The Golf R marks the absolute pinnacle of Golf sport. As part of the major facelift wave, Volkswagen also improved the top sports car and gave it some changes. Long before the world première, we were able to try out a still camouflaged pre-production model.

The eighth-generation Golf R was a quantum leap for the sporty Golf. Not only with its more than 300 PS, but also with its all-wheel drive with torque vectoring, it set new standards in terms of driving dynamics. Volkswagen is now trying its hand at the art of making good things even better. The new Golf R is based on the extensive facelift that all Golfs have undergone this year.

Gallery: VW Golf R (2024) Facelift Covered Drive

The new, significantly sharpened bumpers, which give the R a new look, can be seen under the camouflage film. The headlights have also been redesigned and visually connected by a light bar. The illuminated VW badge is proudly emblazoned in the centre. The sills and rear bumper have obviously also been redesigned.

A lot of precision work

But we want to drive. Around the Lausitzring - on which we have not yet been allowed to drive ourselves - there are a lot of beautiful country roads and also an open motorway, in other words direct Golf R territory. Our specimen has the new Akrapovic stainless steel exhaust system on board, which now sounds audibly more muffled. The engineers have done a lot of fine-tuning here, as the exhaust is not allowed to get any louder these days. That's something we like. Just like the backfire, which can now be heard much earlier when over revving.

A lot has also been done to the engine software mapping. The very spontaneous response behaviour of the engine is striking. The drivetrain also reacts absolutely directly and in real time when the throttle is released. Here you accept minor inconveniences such as mini-jerks in order to connect the engine directly to the accelerator foot. The engine has enough power. Regardless of the rev range - the thing marches on without a hitch. No wonder, because with a smooth 333 PS, the R now has 13 PS more than its predecessor, and that as standard, not just as a special model. Incidentally, the estate model also benefits from this power boost for the first time.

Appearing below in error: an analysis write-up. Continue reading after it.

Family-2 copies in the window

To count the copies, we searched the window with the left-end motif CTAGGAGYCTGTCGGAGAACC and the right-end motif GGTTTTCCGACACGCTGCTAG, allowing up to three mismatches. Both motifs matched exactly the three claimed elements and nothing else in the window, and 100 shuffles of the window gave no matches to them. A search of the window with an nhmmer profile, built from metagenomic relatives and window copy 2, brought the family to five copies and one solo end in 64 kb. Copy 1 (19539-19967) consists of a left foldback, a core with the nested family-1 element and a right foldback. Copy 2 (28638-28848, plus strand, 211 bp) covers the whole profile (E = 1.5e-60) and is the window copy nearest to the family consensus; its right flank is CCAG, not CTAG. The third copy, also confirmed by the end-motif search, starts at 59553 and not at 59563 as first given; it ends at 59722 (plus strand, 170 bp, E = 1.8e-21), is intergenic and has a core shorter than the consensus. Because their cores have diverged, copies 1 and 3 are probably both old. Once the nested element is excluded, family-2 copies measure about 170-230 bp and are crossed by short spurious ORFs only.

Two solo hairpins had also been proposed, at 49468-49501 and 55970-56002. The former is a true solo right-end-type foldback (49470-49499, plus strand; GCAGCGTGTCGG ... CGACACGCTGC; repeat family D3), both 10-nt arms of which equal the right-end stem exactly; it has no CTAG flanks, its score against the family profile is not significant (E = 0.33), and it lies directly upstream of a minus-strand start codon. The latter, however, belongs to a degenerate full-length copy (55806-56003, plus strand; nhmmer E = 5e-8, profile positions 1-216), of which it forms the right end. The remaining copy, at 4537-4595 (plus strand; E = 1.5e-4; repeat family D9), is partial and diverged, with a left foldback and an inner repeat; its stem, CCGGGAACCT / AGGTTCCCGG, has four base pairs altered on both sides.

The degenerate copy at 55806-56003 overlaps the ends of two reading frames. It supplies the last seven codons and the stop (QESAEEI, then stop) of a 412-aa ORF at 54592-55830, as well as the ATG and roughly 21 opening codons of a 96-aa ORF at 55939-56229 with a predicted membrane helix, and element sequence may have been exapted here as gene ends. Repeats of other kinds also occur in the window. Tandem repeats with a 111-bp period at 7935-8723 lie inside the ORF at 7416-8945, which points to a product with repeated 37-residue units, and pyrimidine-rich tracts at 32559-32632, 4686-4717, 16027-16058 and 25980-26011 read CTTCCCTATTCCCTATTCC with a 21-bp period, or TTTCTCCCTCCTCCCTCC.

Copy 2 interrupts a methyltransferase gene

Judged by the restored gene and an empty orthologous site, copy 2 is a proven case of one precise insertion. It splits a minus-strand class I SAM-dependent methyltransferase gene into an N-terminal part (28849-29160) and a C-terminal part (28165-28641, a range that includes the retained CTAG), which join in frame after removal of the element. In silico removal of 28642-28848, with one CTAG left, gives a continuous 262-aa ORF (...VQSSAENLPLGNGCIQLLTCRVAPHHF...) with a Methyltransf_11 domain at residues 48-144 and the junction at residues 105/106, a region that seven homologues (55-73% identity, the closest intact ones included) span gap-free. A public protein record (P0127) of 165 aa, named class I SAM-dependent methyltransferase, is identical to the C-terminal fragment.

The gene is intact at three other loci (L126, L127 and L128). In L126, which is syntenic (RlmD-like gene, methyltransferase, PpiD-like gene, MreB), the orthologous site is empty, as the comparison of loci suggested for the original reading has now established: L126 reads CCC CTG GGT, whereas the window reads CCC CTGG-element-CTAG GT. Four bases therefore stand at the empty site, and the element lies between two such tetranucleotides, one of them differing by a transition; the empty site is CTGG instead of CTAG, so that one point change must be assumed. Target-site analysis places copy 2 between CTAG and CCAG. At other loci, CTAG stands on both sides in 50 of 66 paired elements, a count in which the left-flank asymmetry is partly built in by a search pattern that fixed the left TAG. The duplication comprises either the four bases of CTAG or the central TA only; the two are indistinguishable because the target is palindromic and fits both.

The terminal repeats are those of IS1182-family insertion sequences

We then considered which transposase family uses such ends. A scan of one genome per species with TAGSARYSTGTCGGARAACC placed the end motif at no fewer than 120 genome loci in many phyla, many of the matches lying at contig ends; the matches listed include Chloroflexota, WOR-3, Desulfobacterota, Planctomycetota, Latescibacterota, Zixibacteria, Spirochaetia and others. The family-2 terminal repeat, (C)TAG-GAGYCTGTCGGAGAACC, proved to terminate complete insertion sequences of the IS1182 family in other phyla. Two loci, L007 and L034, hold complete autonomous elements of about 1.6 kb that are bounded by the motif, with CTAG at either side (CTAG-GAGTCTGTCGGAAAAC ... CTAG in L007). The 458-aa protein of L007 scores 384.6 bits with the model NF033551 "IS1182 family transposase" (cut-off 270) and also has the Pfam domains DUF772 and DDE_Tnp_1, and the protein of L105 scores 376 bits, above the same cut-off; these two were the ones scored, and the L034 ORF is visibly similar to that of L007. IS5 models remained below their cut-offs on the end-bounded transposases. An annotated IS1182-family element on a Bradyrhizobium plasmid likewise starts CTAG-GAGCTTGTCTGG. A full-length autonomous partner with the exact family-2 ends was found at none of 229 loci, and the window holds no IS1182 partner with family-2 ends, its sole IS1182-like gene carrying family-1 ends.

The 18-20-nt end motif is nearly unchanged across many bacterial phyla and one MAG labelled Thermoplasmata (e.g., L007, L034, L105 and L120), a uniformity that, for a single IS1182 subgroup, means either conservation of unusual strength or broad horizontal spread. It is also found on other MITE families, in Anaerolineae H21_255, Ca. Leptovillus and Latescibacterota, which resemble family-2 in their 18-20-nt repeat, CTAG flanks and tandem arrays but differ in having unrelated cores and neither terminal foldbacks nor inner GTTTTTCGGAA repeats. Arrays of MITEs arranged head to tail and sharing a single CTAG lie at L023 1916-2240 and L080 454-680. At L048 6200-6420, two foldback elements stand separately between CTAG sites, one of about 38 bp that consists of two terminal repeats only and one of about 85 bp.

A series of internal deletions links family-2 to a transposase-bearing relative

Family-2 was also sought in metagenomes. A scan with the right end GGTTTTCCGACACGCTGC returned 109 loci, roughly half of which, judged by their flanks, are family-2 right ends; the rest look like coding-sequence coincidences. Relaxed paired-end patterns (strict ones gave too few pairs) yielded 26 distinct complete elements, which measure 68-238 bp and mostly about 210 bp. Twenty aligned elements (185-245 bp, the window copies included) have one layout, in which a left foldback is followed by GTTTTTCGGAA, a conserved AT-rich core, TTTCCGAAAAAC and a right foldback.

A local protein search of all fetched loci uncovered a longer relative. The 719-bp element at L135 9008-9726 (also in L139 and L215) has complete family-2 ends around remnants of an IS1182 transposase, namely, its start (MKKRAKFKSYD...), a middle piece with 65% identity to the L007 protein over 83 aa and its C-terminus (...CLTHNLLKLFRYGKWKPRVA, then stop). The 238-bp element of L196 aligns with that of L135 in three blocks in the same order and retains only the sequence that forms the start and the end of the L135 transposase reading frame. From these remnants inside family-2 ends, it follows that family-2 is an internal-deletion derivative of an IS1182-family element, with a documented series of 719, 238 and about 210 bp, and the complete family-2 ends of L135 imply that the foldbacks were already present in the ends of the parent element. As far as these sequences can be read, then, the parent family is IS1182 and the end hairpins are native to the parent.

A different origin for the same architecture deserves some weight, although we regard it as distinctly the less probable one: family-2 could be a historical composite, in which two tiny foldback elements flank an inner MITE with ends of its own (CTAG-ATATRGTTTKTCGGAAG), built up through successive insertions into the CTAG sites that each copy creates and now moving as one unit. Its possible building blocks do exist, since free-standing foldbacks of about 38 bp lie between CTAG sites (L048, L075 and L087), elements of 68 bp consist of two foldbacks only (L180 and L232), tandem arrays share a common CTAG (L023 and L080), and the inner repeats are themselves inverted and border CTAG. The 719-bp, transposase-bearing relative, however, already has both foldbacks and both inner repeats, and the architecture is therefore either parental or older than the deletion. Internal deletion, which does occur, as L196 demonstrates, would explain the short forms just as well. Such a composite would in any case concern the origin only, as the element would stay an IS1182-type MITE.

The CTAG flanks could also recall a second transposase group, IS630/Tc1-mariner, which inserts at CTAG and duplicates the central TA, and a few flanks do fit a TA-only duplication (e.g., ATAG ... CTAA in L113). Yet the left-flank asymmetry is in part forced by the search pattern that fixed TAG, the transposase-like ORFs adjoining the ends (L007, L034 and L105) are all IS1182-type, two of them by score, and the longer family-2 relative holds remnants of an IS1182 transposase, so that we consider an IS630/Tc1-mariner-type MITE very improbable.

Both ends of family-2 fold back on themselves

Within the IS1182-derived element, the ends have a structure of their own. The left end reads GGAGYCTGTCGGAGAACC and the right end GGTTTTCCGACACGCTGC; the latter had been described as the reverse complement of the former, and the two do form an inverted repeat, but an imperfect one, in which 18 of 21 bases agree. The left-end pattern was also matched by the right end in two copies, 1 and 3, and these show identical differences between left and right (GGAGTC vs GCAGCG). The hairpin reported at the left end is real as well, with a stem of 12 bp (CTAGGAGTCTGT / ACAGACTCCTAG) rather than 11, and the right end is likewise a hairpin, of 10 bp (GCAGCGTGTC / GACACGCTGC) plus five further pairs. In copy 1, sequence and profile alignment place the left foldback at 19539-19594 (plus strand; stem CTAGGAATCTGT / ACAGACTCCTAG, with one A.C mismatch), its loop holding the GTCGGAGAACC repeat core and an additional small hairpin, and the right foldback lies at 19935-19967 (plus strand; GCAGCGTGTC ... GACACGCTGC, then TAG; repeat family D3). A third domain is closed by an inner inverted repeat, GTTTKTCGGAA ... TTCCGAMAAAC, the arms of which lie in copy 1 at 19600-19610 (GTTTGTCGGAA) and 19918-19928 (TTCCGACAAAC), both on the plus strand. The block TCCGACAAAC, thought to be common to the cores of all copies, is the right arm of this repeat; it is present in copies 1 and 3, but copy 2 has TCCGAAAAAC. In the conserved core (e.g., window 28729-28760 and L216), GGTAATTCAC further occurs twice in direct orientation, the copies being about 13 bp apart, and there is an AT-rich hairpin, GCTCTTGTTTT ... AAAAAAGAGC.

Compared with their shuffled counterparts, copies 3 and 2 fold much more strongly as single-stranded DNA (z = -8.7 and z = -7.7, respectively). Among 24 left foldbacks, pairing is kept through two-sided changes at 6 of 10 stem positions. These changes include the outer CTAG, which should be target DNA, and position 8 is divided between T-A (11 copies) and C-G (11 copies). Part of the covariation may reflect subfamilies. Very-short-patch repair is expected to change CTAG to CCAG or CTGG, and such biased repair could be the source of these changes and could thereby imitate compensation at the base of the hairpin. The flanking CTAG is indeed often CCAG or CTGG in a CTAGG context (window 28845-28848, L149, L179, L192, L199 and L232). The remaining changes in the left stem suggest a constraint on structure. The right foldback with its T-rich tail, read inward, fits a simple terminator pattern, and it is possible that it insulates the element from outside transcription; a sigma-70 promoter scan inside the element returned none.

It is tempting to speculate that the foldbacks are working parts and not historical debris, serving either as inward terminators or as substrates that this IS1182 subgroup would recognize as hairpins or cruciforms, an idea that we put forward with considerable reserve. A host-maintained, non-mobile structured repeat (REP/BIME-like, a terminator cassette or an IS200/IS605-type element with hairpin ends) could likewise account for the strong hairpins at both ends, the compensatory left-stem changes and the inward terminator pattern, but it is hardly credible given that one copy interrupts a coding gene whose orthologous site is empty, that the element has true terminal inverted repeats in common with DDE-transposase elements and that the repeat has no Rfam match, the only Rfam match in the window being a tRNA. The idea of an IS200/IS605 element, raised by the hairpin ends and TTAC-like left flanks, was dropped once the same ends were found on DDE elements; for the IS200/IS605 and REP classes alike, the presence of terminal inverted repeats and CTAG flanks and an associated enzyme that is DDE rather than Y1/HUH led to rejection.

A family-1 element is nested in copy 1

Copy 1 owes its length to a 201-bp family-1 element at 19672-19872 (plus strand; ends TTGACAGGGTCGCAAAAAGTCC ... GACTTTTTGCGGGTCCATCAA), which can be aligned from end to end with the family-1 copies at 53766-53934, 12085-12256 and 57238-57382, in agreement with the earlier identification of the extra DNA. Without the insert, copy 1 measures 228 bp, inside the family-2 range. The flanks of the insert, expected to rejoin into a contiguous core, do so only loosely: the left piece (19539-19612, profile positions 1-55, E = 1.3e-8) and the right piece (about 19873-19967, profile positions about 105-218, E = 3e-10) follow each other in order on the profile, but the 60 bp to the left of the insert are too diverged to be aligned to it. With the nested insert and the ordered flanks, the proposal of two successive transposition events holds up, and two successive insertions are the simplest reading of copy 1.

The DSG now also shifts faster and - important for trackday drivers - no longer automatically upshifts in manual mode when the limiter is reached or automatically downshifts on kickdown. We were also promised some nice shift jerks in the sharpest mode, but unfortunately we couldn't feel them. The DSG shifts quickly, very smoothly and comfortably, but the power impact when shifting through the gears is still missing even in the sportiest mode.

We were unable to test the qualities of the chassis in detail on our lap. The familiar driving dynamics manager also networks all relevant systems in the new Golf R, which means that the Golf sports car always reacts alertly to all situations. In addition, there are the familiar driving profiles, which have been re-tuned. The brakes feel extremely biting but easy to modulate. We will come to its true talents later.

Racetrack performer and drift king!

A familiar face in the Volkswagen motorsport world then shows us what the Golf R is really capable of. He is works and development driver Benny Leuchter, who "incidentally" has just clinched a class victory in a Golf GTI at the 24-hour race on the Nürburgring. Unlike us journalists, he also gets to show what he can do in the Golf R on the Lausitzring racetrack - and that's a lot!

Anyone who knows Benny knows that you get your money's worth as a co-driver too. The first lap is all about sheer performance. Benny lets it fly and stays on the (full) throttle for so long before corners that you're already thinking about distributing your possessions to your heirs. What happens next is more familiar from race taxi driving. Leuchter slams on the brakes and the Golf decelerates with such vehemence, despite the now softened tyres, that it makes your head spin.

This increases rapidly over the next few laps. Benny's comment: "You know how to drive fast. Now it's about having fun!" A quick click on the drift mode button - which will only be available in conjunction with the performance package - and it's off to the races. Literally, because Leuchter stops the car briefly before every corner and then drives so sideways that any AMG would crawl into the corner with tears in its eyes. In a GOLF!

In drift mode, the drive forces are distributed in such a way as to maximise driving pleasure, i.e. to the rear! This creates an extreme tendency to oversteer, but this is obviously very controllable. The result: almost forbidden driving fun. The only disadvantage: you need a subscription from the local tyre dealer and it's not legal on public roads, of course.

After our short "covered drive", the anticipation for the lifted R has increased significantly. More has happened here than just a little cosmetic work. We can hardly wait for the premiere and, above all, the subsequent driving events.